The women’s specific design of the SX might not make sense to some of the numbers nerds out there as it lacks some of the progressive geometry that's currently en vogue but if you put the geo charts aside for a moment and focus on what the bike does offer, well, there are a few points that could score with many female riders. It’s a bike that likes to point and shoot, it likes to eat up chunder and like good partner that's worth their salt, it wants you to succeed. It’s a comfortable, easy to get used to, fun enhancing type of bike, and that right there is a winning lottery ticket for so many women. Ok, so it doesn’t climb like a bat out of hell, but I wouldn’t feel uneasy about having to spend a long day out on the SX.


Pinkbike's Impressions:
bigquotesThe Intrigue SX is a well put together package that's easy to jump aboard and get ripping on quickly. It has all the right elements for the rider who has her climbing game tidied up, and who is now looking to smash the descents and really feel confident about it. - Rachelle Frazer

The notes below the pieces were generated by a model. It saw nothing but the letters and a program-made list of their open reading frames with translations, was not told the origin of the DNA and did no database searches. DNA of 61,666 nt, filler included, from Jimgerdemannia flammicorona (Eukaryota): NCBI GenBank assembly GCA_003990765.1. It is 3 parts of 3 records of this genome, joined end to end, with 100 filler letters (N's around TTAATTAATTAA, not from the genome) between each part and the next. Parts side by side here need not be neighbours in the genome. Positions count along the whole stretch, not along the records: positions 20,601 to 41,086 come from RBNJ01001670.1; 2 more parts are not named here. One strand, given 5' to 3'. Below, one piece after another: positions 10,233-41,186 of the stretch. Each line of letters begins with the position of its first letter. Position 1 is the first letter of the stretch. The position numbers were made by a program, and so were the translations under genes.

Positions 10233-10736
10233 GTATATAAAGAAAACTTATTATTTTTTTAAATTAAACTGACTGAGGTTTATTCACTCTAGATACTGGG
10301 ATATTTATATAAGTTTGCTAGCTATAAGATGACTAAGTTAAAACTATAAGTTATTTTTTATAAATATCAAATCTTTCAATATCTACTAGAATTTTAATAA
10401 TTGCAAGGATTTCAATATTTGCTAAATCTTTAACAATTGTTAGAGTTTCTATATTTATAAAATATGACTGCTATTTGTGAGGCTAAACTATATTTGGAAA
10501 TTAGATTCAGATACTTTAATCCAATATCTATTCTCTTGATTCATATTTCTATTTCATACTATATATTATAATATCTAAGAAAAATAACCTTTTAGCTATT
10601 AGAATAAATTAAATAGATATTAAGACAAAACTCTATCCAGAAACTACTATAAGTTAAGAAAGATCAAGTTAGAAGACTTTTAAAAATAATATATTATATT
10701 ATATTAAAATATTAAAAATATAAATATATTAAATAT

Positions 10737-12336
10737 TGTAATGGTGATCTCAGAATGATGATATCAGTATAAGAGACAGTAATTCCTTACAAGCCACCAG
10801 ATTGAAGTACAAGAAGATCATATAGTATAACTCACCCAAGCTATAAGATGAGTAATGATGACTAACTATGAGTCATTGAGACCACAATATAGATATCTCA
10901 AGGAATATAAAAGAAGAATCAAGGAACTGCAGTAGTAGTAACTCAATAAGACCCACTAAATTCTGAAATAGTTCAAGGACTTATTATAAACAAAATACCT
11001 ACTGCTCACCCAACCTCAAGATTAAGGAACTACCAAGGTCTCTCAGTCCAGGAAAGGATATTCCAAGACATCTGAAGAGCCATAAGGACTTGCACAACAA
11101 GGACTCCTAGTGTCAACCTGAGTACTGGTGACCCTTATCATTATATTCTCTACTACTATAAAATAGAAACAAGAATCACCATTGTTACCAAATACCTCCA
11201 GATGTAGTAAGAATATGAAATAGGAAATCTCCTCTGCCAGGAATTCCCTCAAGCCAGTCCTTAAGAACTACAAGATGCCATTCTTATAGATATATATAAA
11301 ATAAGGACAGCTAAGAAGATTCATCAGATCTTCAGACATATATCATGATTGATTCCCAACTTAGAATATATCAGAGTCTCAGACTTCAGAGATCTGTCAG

Visit the high-res gallery for more images.


www.liv-cycling.com.


About the Reviewer
Stats: Age: 30 something • Height: 5'6” • Inseam: 31" • Weight: 116lb • Industry affiliations / sponsors: None
Rachelle's relationship with mountain biking began when she moved from Australia to Whistler, B.C., in 2005, where she swiftly fell in love with downhilling thanks to the Whistler Mountain Bike Park. Her love for mountain biking has grown over the years to include all types of riding, and she is currently working on taming the unruly rock gardens of the East Coast of the USA where she now lives. Rachelle Frazer


A side note on Sydney, Australia

Sydney may not come to mind as hot ticket mountain biking destination - it’s a bustling city of over four million people better known for its 100+ beaches and beautiful looking people, but set back from the ocean, hidden in the dense, sandy bush is a network of technical tracks to explore. The mountain bike culture is growing with the continual introduction of new trail centers thanks to the work of advocacy groups working with local governments throughout the region. Liv are right there and involved in the Aussie scene too: